"Here's how I would have had it at the very end (I do this in my club act)," she revealed. "I always said, Lisa would be standing alone, in the hotel lobby, and John and what's-her-name go running out the door, happily ever after, and you see a hand come in, and hands Lisa a glass of champagne. Then, you would pan up, and it would be Ellen DeGeneres! [laughter] Lisa was a lesbian all the time, that's why she could never keep her husbands straight!"
Eileen agrees with us that soap operas could have merchandised more over the years.
"They missed the boat, didn't they?"
But she's excited about the new ATWT DVD collection.
"I'm glad you're doing it, I think it's a splendid idea, people will love it."
Eileen still hears from fans with their stories of missing AS THE WORLD TURNS.
"At my farewell to AS THE WORLD TURNS show, a young man came up and cried and cried afterward, and said, 'What am I going to do? I work, and I want to come home after and turn on my television, and have dinner with my family. And you won't be there anymore.' I will never forget that. He cried, and cried, and cried. He lost his family when we went off the air."
What does Eileen think lead to the demise of ATWT?
"[P&G] wanted to be rid of it," she said. "CBS was of no help. Their idea in casting (actually starting back in the eighties) was to get a good looking hunk, and a pretty girl, who couldn't act. They were models, and they couldn't act. And they started to show up in the opening, in the prologue. People would turn it off. I was there... the kids were beautiful, but it's not beauty that grabs the audience, it's the person."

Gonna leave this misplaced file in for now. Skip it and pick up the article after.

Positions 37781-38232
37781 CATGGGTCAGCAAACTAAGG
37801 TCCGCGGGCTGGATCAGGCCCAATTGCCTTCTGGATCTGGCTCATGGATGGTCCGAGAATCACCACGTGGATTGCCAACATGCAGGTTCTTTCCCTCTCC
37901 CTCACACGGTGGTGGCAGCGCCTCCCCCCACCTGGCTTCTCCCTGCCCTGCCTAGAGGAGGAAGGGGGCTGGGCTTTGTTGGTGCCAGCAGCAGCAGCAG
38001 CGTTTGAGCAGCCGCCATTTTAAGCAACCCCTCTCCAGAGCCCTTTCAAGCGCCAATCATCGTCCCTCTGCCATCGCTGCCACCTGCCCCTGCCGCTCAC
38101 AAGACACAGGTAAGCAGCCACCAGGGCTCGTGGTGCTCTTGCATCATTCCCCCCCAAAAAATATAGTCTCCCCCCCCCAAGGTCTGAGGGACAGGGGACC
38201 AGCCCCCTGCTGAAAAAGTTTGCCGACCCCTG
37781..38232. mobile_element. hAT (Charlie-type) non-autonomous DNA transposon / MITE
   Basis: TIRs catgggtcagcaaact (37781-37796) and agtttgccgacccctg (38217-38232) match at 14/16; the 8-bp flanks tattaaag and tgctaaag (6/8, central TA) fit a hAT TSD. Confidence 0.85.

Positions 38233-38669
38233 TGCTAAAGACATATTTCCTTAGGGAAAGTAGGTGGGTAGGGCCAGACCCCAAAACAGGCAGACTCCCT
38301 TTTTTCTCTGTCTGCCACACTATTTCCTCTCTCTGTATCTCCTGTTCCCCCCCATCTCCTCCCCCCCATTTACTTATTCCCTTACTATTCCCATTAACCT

The WIPING process was our No. 2 Blunder of all-time. So much soap opera is lost forever. But Eileen does have an episode master tape from 1961. It's possible others exist we may not be aware of yet. But was more than the WIPING process involved?
"I heard, at the studio, from people I think would know--that the library that kept our shows up through the '70s--that they torched it!" she revealed. "They just said, 'Aw, get rid of it,' and they just burned it down. That's what I heard. And I heard that from people who were not the actors (who would naturally say that) but, I think, from some of the people who worked in the office."
At least AS THE WORLD TURNS episodes from September 1979 forward are completely preserved and someday hopefully every available episode will be digitized and sold online.
"Oh, that is fabulous!" Eileen said.
We will be able to pick an episode or group of episodes and watch stories from the past, even the banging shudder episode!
"It reminds me, for some reason, about how I once played my own corpse, you know?" Eileen laughed. "I have newspaper clippings of that. I've just gone through, because I'm trying to get stuff all together from that time, and at the time my daddy laughed and laughed, he said, 'Oh, girl, your picture was in the obituary section of [my hometown newspaper]!"